Tuesday, June 24, 2008

My Favorite "Austin Powers"

Mike Myers' latest movie, The Love Guru, recently came out to negative reviews and a shrug from the general audience.  It's a shame, because I really like Mike Myers.

As critics and cynics started logging their negative reactions to Love Guru, I began noticing this trend of people carelessly stating that Mike Myers hasn't made a good live-action film since the first Austin Powers movie.  That's a surprise, since my favorite Austin Powers movie is the second one, The Spy Who Shagged Me.

While I've been told that the first Austin Powers (International Man of Mystery) gets better with repeat viewings, it never hooked me enough in my two viewings of it to get me to a third.  I've never been much of an Elizabeth Hurley fan.  Nor much of a Mimi Rogers fan.  And since I'm not much of a James Bond aficionado, a British spy spoof doesn't carry much weight for me.
Which is exactly why I consider the second one more successful.  When they did the second movie, they weren't thinking "we're making a British spy movie spoof," they were thinking "we're making an Austin Powers movie."  And that was much funnier to me.
Timing also probably had something to do with it.  The first movie came out when I was in high school.  The second one came out while I was in college.  Austin Powers is better when you're in college than when you're in high school.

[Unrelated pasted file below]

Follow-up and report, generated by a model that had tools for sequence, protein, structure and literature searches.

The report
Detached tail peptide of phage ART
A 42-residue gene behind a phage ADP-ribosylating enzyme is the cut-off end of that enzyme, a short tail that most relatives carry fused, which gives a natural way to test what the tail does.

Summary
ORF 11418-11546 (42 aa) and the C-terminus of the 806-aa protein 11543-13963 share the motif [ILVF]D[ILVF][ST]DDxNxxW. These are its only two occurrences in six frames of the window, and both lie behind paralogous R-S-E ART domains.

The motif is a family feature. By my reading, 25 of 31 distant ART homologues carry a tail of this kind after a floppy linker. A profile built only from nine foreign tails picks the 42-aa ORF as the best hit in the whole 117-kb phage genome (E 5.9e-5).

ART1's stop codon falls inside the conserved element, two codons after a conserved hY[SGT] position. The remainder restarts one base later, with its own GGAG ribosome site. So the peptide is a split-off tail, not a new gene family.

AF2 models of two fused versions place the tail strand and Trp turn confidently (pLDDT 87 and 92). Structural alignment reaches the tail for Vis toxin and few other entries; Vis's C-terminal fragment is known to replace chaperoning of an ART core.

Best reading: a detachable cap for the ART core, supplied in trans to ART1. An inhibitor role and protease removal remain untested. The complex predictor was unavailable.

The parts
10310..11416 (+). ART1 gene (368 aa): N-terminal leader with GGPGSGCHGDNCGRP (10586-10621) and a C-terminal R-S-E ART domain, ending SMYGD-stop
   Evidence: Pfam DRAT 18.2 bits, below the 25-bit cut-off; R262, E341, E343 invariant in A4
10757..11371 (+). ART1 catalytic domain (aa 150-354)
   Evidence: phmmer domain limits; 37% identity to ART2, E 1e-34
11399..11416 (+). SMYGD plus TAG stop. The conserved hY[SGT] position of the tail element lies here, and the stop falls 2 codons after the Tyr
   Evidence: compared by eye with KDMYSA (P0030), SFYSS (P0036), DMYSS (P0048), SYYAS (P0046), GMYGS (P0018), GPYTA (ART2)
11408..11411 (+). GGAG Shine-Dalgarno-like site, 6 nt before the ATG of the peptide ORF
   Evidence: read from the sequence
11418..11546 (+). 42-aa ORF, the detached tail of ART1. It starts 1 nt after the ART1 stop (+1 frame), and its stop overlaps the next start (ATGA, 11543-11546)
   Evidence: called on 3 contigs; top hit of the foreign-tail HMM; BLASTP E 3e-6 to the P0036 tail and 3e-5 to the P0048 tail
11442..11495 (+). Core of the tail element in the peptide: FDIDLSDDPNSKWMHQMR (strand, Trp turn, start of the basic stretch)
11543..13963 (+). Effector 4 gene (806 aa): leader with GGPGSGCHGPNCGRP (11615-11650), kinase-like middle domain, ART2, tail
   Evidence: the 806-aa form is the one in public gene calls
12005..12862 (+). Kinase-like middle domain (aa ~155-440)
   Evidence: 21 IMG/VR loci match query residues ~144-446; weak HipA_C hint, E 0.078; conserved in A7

The second movie had Mini-Me, who was hilarious from concept through execution.  It wasn't enough to just have a miniaturized clone of Dr. Evil; they took it the extra step and made him a hormonal, aggressive freak.  Although some people seem to think Mini-Me was inspired by Nick Nack from The Man With the Golden Gun, he was clearly based more on Marlon Brando's sidekick in 1996's The Island of Dr. Moreau -- a bold move, considering few people saw that movie and even fewer liked it.  Almost ten years later, people still refer to smaller versions of a thing as its Mini-Me; a trend that shows no signs of going away.
And, of course, there was Fat Bastard.  Out of all of Mike Myers' Scottish characters, this one is easily the best.  I'm not big on gross-out humor, but Fat Bastard hits all the right notes.  This is, after all, the man who intends to eat Mini-Me ("I'm bigger than you; I'm higher on the food chain.  Get.  In.  My.  Belly!")  Excellent idea to put a man who weighs one metric ton in the same movie as the clone that "fits easily into most overhead storage bins."
A big improvement in the second movie was Rob Lowe as Number Two.  No offense to Robert Wagner, who originated the role, but he was pretty much just being Robert Wagner.  Everyone in Dr. Evil's criminal organization is a caricature, an exaggeration.  Even Mr. Bigglesworth couldn't get away with just being a cat; it had to be one of those freaky hairless cats.  In the second movie, Number Two successfully becomes an exaggeration due to the fact that it's Rob Lowe impersonating Robert Wagner playing Number Two.  Perhaps Number Two would have been a better character in International Man of Mystery if Robert Wagner had played him as an impersonation of Rob Lowe.  As it stands, Number Two as played by Robert Wagner doesn't seem to fit into the movie for me.  Sorry, the eye patch is not enough to make him an eccentric.
That being said, Robert Wagner still gets a good laugh out of me in his description of how he made the company rich by investing in Starbucks.  It's not even a particularly funny moment.  There's just something about the way he does it that amuses me.